Blog Posts In Tom Murphy

Fall Fishing Report: Streamers in the Shallows

Tom Murphy strayed from his beloved Missouri to investigate the state of the browns on the Big Hole.  Using an articulated Christmas ornament, he has determined they are hungry, mean, and preparing to spawn!

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This skinny old brown ate in still water in front of the boat ramp before we had the anchor up!

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Soon after, the below pictured fish hit "harder than a northern pike!"

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We knew it would be nothing short of greedy to continue fishing after landing a hog like that, but after a summer on the oars.....it was just too much fun to stop!

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The sky was dark, the wind was up, and the temps were chilly, but the fishing was HOT!

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Sweetening up the Bitterroot

Nick Scuibba lives in Brooklyn, works in Manhattan (for Ralph), and fishes in PA whenever he can.  Six years ago he and his father fished the Bitterroot as novices.  Last year, he fished the Big Hole as an accomplished angler, using mostly flies he had tied himself.

He called me back in March and said he needed his Western fix.  As usual, Montana's late spring weather was completely unpredictable as his trip grew near.  However, last week set up to be prime Salmon Fly weather.  Then it snowed.  Then it warmed to 80. And then it snowed again.

Tom and I picked him up on the late flight in Butte and headed to Wise River to plan our weekend.  At one AM, the plan was, "Tomorrow, we float the Big Hole....60 MILES!"
The alarm at 7 am brought clarity, and at the sight of snow in the hills, we decided to go to the Bitterroot where it would hopefully be warmer.

It wasn't.  There was driving snow on the pass, and a plane down in the road.  Luckily, an hour later the clouds lifted and we were on the West Fork catching cutthroat.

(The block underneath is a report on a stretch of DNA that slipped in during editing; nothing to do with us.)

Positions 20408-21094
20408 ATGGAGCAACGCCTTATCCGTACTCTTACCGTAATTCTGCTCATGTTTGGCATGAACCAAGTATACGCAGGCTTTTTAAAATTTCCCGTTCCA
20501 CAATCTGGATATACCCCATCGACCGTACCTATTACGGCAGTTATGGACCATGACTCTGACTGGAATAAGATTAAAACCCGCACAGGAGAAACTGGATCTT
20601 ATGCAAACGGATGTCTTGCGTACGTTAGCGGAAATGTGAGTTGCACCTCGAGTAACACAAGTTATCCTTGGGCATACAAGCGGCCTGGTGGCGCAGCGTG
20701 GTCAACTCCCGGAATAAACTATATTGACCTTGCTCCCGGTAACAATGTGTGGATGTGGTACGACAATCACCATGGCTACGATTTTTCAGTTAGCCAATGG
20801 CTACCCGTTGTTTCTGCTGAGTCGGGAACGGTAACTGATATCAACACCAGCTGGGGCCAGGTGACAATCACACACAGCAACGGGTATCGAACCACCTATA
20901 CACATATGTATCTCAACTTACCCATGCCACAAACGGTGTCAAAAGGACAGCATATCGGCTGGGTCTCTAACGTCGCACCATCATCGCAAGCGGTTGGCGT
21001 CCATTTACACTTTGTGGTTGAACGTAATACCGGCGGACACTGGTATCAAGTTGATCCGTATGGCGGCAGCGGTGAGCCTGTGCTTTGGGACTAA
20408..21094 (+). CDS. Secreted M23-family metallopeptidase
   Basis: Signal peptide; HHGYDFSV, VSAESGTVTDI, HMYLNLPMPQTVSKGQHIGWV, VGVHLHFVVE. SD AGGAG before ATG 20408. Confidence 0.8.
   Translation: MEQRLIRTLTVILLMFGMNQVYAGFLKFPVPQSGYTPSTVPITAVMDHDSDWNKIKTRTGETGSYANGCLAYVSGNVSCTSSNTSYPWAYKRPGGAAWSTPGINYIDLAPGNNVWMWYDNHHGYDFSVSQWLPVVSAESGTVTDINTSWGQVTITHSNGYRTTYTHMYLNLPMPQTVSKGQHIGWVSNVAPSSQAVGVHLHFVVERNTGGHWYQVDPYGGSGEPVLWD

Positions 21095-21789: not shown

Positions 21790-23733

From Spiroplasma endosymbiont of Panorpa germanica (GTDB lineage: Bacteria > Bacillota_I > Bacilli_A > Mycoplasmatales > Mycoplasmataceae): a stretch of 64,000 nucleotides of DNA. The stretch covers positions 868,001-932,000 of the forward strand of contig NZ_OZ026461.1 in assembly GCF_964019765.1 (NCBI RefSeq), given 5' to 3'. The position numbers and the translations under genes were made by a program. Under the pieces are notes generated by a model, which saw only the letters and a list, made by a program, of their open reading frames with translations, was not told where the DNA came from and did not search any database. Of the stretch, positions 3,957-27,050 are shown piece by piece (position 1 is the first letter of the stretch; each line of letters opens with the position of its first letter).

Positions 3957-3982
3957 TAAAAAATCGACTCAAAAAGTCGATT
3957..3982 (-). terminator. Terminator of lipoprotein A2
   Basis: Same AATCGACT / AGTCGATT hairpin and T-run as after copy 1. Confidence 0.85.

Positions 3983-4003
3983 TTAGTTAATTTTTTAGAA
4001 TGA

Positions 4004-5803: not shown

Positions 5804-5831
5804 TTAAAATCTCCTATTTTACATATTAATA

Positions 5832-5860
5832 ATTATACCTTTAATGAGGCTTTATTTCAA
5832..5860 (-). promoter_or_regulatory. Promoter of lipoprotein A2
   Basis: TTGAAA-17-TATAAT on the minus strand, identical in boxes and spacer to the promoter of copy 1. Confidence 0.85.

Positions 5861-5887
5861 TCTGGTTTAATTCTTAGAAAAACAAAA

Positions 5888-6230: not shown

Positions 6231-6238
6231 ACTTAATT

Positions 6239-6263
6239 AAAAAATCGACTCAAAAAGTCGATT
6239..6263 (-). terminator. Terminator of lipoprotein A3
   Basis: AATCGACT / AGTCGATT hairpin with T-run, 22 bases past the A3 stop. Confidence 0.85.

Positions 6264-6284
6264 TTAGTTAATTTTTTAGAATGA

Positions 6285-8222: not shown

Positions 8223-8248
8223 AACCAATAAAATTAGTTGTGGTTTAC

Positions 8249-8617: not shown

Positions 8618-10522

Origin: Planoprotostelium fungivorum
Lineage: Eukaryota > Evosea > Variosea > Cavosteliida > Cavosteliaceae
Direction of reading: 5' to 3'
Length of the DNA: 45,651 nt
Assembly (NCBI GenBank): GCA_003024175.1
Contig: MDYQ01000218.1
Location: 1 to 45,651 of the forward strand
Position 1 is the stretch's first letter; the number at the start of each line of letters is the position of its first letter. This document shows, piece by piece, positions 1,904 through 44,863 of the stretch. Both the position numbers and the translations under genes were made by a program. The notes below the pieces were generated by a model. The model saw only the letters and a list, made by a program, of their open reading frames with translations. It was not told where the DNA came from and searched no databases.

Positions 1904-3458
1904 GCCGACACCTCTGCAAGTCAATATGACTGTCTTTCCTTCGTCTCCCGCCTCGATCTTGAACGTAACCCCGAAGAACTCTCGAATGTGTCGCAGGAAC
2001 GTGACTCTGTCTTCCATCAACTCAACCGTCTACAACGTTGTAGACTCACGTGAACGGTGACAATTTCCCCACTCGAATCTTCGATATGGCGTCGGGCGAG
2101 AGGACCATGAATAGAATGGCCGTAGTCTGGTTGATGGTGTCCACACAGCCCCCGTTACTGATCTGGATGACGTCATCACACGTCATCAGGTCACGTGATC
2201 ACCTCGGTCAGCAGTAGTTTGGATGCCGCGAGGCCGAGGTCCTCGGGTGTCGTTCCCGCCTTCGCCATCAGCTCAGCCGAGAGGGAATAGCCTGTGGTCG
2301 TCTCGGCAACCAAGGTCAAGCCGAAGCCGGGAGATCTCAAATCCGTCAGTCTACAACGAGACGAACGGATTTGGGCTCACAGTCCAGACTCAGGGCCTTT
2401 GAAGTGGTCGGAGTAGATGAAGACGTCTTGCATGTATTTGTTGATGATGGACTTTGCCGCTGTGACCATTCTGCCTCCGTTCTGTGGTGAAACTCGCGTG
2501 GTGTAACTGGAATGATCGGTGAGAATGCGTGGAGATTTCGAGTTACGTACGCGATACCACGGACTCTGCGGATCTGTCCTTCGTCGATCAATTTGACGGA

At lunch, Tom rolled over a boulder just off the bank and found these guys awaiting the signal to crawl out and hatch into their adult Salmon Fly form.

He put on a heavy Salmon Fly nymph and sure enough:

Between tangled lines and side-arm casts, a reckless display of rowing, a runaway boat ending in a flying leap-and-catch, and a few beautiful cutties, there was no shortage of laughter on that trip.  Couldn't have had a better day if we'd tried.

Just before dark, we headed over the hill to soak in the Elkhorn Hot Springs and plan our next day on the Big Hole.

Running From the Law

 Classes ended last week at the University of Montana School of Law and students were expected to lock themselves away in the library cubicles for seven days of "reading week".  The vast majority of these students chose the UMSL because of its location on the Clark Fork river, in the heart of one of the West's most happening hangouts for outdoor enthusiasts.   After sitting inside and furiously taking notes for the past five months, the thought of spending another day inside was unbearable.

Tom Murphy, a Great Falls boy raised on the Missouri River, called me after our last class and said we were going fishing.  Most of the state's rivers were blown out, but we had heard that the midge hatch on the Mo was going off.

I awoke to the sound of rain on Wednesday morning and by the time Tom and our fellow classmate Paul, an avid fisherman from New Mexico, picked me up, the temp had dropped below freezing.  We ventured up the Blackfoot through the snow storm with smiles on our faces and long-johns under our  rain coats.  Thankfully, the storm broke by mid-afternoon and we were all overdressed.

On our way up the Missouri from Craig, we saw fish after fish rising and assumed the campers and guides would be elbow to elbow up at the dam.  To our surprise, there was no one on the water!  Paul wasted no time tying on a small adams and clambered down the bank below three rising rainbows.  He must have landed seven fish before having to move his feet.

While I was snapping shots of Paul's fish, a victory yell rang out  upstream.  I turned to see Tom grinning from ear to ear with a big rainbow on.

By the time I reached him, he had released his fish. I asked him about the size and species and he replies, "Put that damn camera down and grab your rod!"

I took his advice and landed 3 fish on a size 18 parachute adams.  The dam above us was a gorgeous sight with the massive column of water coming over the top of the spillway.

We couldn't have been happier to be out on the water and away from the flickering glow of fluorescent classroom lights.

The first day of Reading Week was undoubtedly spent reading, but we were reading the body colors of mayflies, the pockets behind rocks, and the current lines of the Missouri River.  We headed down to Great Falls for a famed Mrs. Murphy meal at Tom's house with plans to hit the river again the next day en route back to Missoula for finals preparation.